Long July 4th Weekend Running

Here are three streets runs which I sandwiched around my attempt at the Hell Hath No Hurry 50 Miler. Unfortunately, that race was on trails in Settler’s Cabin Park and so added nothing to my street total. I also only got in 38 miles, so DNFed. But I digress.


RATS Run #00423 in Squirrel Hill

This was such a short run I didn’t even bring my camera, or maybe it was that I ran before 7AM and wasn’t really awake. At any rate, I just took in Victory Way (top circle), Timberline Court (bottom circle) and the bottom piece of Forward Avenue (you have to find that by yourself.)


Hell Hath No Hurry

HHNH 38 miles, 6ish loops

RATS #00425 – West End and Elliott

Monday, July 5th, was a day off work with no big plans. So, of course, I explored the city some more. My “A” goal was a few snickering little streets in the West End. Every time I drove my them, I could hear them, snickering, “He hasn’t found US yet. Ha Ha!” Well, today, with candy bar in hand and a patriotic shirt on for good luck, I set out to end that snickering once and for all.

The first little snickerdoodle to go down was Plank Street. It is pretty much a driveway from the bottom of a cliff, across Wabash Street and into Saw Mill Run (the creek). The next peanut in the gallery was China Street. There’s no wonder I had missed it before, because little is there. A few cobblestones near the billboard at the bottom of Greentree Road traced where the street had been. Pushing through the undergrowth I could feel remains of a street, but everything else was overgrown. Some time ago, I think there were steps from China Street to the train line above. On maps it appears they would have almost connected with Journal Street steps in Ridgemont, but I don’t know if that actually was the case. At any rate, I didn’t see evidence of steps. Perhaps in the winter I would have.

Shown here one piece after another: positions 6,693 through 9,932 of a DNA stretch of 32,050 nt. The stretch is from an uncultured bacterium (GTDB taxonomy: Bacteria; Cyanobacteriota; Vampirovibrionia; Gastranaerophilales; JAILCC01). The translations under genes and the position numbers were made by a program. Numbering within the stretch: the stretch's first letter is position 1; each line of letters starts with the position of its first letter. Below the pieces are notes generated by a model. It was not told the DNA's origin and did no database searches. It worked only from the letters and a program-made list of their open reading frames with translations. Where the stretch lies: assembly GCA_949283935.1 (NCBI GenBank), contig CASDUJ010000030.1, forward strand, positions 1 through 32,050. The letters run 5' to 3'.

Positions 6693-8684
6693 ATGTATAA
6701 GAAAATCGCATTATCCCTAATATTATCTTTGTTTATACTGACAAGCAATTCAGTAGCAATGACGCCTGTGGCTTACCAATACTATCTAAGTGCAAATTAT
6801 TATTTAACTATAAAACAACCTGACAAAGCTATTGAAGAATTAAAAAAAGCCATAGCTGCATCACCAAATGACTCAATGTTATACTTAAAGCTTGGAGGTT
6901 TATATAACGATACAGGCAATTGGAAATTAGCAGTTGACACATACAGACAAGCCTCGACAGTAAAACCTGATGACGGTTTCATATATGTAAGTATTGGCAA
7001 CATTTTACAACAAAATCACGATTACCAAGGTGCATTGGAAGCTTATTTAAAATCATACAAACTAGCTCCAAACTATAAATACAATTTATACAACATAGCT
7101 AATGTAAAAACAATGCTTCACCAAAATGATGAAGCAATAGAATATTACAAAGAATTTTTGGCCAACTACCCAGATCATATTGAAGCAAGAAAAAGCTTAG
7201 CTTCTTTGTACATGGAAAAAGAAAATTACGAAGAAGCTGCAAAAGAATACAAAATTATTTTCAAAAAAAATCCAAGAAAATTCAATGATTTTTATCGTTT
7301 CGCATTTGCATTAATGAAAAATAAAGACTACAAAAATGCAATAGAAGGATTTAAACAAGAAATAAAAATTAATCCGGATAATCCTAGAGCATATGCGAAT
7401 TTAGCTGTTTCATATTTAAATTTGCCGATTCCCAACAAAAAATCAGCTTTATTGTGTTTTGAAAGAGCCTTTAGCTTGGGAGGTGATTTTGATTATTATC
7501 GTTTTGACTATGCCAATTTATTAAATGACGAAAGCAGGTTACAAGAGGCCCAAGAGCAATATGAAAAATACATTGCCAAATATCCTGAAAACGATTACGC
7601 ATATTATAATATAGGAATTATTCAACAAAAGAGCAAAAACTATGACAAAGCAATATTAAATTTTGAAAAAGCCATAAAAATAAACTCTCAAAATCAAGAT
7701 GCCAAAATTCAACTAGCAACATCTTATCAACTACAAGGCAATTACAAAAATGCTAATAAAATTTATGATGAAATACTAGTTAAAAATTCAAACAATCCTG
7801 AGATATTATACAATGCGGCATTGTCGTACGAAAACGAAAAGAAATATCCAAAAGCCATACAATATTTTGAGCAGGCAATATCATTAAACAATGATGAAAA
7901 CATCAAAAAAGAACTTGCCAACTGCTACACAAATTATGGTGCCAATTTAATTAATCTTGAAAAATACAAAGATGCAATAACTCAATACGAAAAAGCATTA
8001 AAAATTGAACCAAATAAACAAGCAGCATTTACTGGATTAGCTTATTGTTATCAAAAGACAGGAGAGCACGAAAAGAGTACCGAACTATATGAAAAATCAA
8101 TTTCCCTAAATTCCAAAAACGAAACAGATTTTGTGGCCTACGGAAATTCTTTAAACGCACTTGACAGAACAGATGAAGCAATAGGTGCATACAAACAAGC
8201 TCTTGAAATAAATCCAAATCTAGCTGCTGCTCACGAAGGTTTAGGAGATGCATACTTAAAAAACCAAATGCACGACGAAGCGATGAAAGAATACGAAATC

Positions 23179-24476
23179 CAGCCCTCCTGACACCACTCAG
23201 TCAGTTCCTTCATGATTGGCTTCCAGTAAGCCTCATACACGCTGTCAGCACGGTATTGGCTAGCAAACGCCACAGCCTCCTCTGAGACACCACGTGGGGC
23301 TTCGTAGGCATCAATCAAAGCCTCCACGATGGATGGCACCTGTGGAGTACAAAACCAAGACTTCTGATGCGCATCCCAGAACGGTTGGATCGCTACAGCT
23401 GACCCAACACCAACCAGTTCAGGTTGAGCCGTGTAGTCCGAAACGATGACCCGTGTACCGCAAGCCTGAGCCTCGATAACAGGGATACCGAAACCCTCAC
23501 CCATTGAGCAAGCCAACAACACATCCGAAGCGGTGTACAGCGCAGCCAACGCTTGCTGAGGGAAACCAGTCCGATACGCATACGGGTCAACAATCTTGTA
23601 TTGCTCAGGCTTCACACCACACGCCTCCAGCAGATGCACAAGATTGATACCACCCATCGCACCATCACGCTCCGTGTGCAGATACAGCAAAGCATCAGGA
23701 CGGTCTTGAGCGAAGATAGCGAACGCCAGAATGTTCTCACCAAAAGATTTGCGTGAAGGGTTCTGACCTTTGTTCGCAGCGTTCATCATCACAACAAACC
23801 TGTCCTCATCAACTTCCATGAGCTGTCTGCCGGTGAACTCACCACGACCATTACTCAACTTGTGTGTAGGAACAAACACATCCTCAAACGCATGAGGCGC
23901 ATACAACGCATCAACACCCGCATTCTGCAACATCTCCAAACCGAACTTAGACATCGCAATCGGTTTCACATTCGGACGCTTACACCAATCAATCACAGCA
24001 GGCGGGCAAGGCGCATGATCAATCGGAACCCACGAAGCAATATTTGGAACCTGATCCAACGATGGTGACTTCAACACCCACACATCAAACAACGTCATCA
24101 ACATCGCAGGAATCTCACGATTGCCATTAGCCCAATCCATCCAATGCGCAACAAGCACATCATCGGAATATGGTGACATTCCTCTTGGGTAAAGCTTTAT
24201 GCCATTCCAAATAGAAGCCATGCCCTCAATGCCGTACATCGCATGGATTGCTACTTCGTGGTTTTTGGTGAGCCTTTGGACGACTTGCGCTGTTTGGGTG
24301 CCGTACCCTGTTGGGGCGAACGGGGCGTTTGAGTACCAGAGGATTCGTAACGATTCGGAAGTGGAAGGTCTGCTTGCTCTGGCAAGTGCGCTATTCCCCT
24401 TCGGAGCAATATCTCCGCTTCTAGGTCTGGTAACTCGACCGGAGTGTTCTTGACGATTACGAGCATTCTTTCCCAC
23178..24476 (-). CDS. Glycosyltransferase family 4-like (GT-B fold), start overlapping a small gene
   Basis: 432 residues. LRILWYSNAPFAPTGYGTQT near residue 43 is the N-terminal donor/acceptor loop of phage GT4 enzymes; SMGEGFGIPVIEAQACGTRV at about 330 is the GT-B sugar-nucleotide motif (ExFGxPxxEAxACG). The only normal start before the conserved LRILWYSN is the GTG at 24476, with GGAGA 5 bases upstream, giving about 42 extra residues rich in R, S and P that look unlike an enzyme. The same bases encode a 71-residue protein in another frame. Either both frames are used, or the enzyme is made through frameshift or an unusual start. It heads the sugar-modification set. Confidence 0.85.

From there, I crisscrossed under railroad trestles off of McKnight Street, as it plays jump-rope with Saw Mill Run. Several businesses still hang on down there, from Johnny’s Diner to TMT Services. I would not want to be here in a flash flood, with water crashing down off the hills.

From here I ventured up Noblestown Road. I’ve used it for many years as an alternate route when the Fort Pitt Tunnel is backed up. As a driver, I appreciate its curvy efficiency. As a pedestrian, I’m traumatized its lack of sidewalks. At least there is a small shoulder, and, if I would rather risk falling down a slope than getting hit by a car, I have the option of trotting on the far side of a guide rail. On a normal day, this would be pretty dangerous. However, with little going on and no traffic, it was OK. I feel bad for folks who use that bus stop on a regular basis, though.